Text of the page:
In 1106, Newcastle Castle (on Newcastle Hill, overlooking the town centre) and Ogmore Castle (1116) were built by Robert Fitzhamon and William de Londres respectively.[3] About 2 miles north-east of Ogmore Castle, Maurice de Londres founded the fortified Benedictine Ewenny Priory in 1141.[4]

These three castles provided a "defensive triangle" for the area (or a quadrilateral, if one includes Ewenny Priory.)

Early development

Bridgend itself developed at a ford on the River Ogmore, which was on the main route between east and west Wales. Just north of the town, there is the confluence of three rivers, the River Ogmore, the Llynfi River and the Garw River. South of Bridgend the River Ewenny merges with the River Ogmore and flows into the Bristol Channel. In the 15th century, a stone bridge was built to connect permanently each side of the River Ogmore (later rebuilt). Originally this bridge had four arches but in the 18th century a massive flood washed two of them away. The rest of the bridge still stands and still remains a focal point of the town, with aesthetic restoration taking place in 2006.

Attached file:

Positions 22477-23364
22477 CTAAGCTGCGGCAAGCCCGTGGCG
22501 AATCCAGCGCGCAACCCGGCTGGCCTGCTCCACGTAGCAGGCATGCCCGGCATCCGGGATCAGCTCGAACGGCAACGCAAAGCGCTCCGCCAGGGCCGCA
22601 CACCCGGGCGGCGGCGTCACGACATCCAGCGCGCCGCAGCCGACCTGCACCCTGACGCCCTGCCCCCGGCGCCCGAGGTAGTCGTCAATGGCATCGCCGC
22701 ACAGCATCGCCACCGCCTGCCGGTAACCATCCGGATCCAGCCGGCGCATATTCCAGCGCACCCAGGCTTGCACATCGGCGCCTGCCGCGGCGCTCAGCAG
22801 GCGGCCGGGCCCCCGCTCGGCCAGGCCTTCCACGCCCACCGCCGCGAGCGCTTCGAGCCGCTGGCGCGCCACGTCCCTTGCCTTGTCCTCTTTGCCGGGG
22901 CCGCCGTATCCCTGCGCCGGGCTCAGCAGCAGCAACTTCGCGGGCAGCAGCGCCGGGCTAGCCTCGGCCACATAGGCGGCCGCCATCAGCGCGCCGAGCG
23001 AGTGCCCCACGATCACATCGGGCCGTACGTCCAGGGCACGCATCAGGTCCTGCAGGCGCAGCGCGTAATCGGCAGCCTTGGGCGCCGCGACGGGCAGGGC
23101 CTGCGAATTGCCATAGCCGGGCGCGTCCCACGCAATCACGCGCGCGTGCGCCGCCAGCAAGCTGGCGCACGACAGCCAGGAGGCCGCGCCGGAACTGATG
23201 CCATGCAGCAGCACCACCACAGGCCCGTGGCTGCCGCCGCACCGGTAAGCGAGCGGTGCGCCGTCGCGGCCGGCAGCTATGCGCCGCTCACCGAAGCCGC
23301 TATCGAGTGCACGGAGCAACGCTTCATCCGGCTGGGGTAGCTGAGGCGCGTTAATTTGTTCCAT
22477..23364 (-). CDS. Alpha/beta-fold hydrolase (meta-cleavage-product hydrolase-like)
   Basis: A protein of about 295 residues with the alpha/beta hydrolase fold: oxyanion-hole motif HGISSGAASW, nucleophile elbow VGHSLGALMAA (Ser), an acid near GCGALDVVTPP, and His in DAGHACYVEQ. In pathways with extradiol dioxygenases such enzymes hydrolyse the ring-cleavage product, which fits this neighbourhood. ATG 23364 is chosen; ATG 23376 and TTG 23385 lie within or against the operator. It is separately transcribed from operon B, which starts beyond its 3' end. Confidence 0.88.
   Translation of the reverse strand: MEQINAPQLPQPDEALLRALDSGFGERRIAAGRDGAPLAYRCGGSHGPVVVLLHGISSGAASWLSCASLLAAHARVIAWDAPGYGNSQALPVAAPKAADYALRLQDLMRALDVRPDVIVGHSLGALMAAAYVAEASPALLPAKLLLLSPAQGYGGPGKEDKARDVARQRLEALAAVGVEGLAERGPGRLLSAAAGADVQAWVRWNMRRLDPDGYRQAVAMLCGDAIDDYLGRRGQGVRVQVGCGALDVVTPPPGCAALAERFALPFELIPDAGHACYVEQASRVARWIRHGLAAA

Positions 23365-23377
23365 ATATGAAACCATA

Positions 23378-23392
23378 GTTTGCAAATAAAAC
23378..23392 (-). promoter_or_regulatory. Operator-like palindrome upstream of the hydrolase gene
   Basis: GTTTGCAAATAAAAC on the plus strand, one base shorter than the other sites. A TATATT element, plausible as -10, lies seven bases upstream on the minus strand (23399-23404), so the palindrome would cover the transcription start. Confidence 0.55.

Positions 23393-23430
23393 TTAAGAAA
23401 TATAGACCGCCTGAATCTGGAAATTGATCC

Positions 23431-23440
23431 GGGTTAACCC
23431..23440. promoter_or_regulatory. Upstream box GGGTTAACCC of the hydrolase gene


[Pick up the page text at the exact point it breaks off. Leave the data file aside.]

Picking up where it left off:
Bridgend grew rapidly into an agricultural town important to many of the local farmers. Although still small by today's standards it became an important market town, a tag that remained with it well into the late 20th century.

The industrial era

The discovery of coal in the South Wales valleys north of Bridgend would have a massive impact on the town. The first coal mining operations opened north of Bridgend in the 17th century, with the Llynfi Valley being the first to be industrialised. Bridgend itself never had coal deposits and remained a market town for some time, but the valleys of the three rivers grew into an important part of the South Wales coalfields. Ironworks and brickworks (notably at Tondu) were also established in the same period, by John Bedford, although the ironworks faltered after his death and ceased operating entirely in 1836.